1. Great post.
    As a small landlord already we have had some of the teneant issues that you mentioned. It can also depend on what time a year that you are trying to fill the vacancy. Sometimes in the early months of the year the tenant pickings are slim and they are moving because “they have to!” Wziting 2-3 months while paying the carrying costs can be very difficult but could be better in the long run.

    We are in the process of purchasing a bungalow that we are going to convert into an up and down duplex to then put on the rental Market in May.

    Good luck with your tenants.

    • Glad you liked the post SS. It sucks, but it sounds like almost every landlord has a few stories of bad tenants. Thanks for the advice on waiting for a bit. If we get bad applicants, I won’t get discouraged and I’ll choose to wait it out.

  2. Wow, Derek, really appreciate how much detail you put in here. That is one thing that really frustrates me with a lot of posts. You get the basics but not much else. This post is a must read for anyone even thinking about becoming a landlord. Great job drilling down to the specifics.

    • I figured I was gathering all the details for myself anyway – I may as well share everything I learned in a single post, right? Glad so many people found it useful.

  3. Nice post. It almost gives me enough confidence to buy a rental property, too!


    • You definitely should! And then you can add to your list of stories! 😉

  4. This is best post I have read on this subject. Derek, you explained everything what is essential in finding new tenant. This article helped me much to make plan how to find new tenants.

    • Glad you liked it Cynthia! I hope many more will feel the same way!

  5. We provide a $25 discount for early payment (prior to the first), and a $45 late fee for anything the 5th or later.

    Our current tenant was a rockstar on early payments for about 11 months, and then switched jobs and has been paying on time or late since (24 month lease).

    With January being a three paycheck month for her, I’m hoping that she’ll manage to get back to the on time payment cycles, but we will have to see.

    • Pretty simple, but it sounds effective! Hopefully she gets back on track after her 3 paycheck month. 😉

  6. Great Post Derek! I have seen the worst of the worst with renters. I will never allow a cat or dog after our horrible experiences. The free TV idea is gold!

    • We’re still debating on the dog. It can be fine, but it can also be terrible! Glad you liked the TV idea! Thanks for the comment, Preston!

    • I would recommend that you not allow pets. My brother-in-law owned a few duplexes. He allowed pets and charged extra for it. It turned out to be more costlier for him in the long run because he would end up ripping out and replacing the carpet every time he had a long-term renter with a pet. If you are going to allow your renters to have pets in the rental home, don’t be shy about charging an extra $100 a month for rental.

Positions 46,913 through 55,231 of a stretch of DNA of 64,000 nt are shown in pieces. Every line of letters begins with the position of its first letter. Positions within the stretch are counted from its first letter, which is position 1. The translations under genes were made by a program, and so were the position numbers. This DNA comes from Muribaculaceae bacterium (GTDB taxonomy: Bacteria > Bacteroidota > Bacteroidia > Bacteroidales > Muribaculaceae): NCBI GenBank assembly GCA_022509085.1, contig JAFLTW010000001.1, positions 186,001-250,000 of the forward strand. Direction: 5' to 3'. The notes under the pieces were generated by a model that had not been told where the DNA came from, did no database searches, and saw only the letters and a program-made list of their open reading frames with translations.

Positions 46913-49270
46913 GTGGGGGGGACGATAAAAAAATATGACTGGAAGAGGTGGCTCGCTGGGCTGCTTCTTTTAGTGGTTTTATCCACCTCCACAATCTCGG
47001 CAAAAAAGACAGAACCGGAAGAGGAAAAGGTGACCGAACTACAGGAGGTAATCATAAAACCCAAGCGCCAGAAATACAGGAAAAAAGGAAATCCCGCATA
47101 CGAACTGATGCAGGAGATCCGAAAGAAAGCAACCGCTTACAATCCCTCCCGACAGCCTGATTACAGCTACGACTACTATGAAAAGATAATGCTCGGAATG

• Thanks for the advice, Kim! We basically decided to refinish all of the hardwood floors (instead of recarpeting) with pets in mind. I think we’ll definitely charge extra for pets though. Maybe $1,200 a month without and an extra $50 per pet on top of that. We’ll also have a weight restriction on the dogs allowed too – something like, under 30lbs I’m thinking.

  7. Bad tenants are the worst. I have been lucky enough to not have to ever evict anyone but im sure it will happen some day.

    One thing to note also is that you should set a credit/background criteria of what you want your tenant to have and stick with it. 640+ credit score, no late payments, etc…

    • Good advice Alexander. Thanks for taking the time to give some details!

  8. You wrote a good article I want to emphasize one more that it’s important to run renters verification if landlord wants to find a reliable tenant. When it comes to managing a rental property, a bad tenant can be worse than an empty property. So, landlords should also take time to put together a complete screening process. You already mentioned background check and credit reports. But renters verification shouldn’t only be limited by these checks. Interview is another important tool as well.

  9. Number 3 is a golden tip. Being upfront with all the details will help attract the best fit who is happy with their choice, which helps create better tenants.

  10. Showing the house as if you were selling it is a quality tip. You definitely want the buyers to see the best possible look.

    • Yup! For sure! And it helps to walk them all through at the same time. HUGE time saver for me, the landlord.

  11. Good to read! We used other’s bad experiences to learn what not to do as well—screening is the biggest factor to make our rentals keep running smoothly!

    • Absolutely! That’s why I don’t trust most rental management companies – they don’t ever seem to screen as well as I would! They’re more interested in getting someone in there immediately so they can recoup their share of the rent. In other words, their thinking seems more short-term than long-term.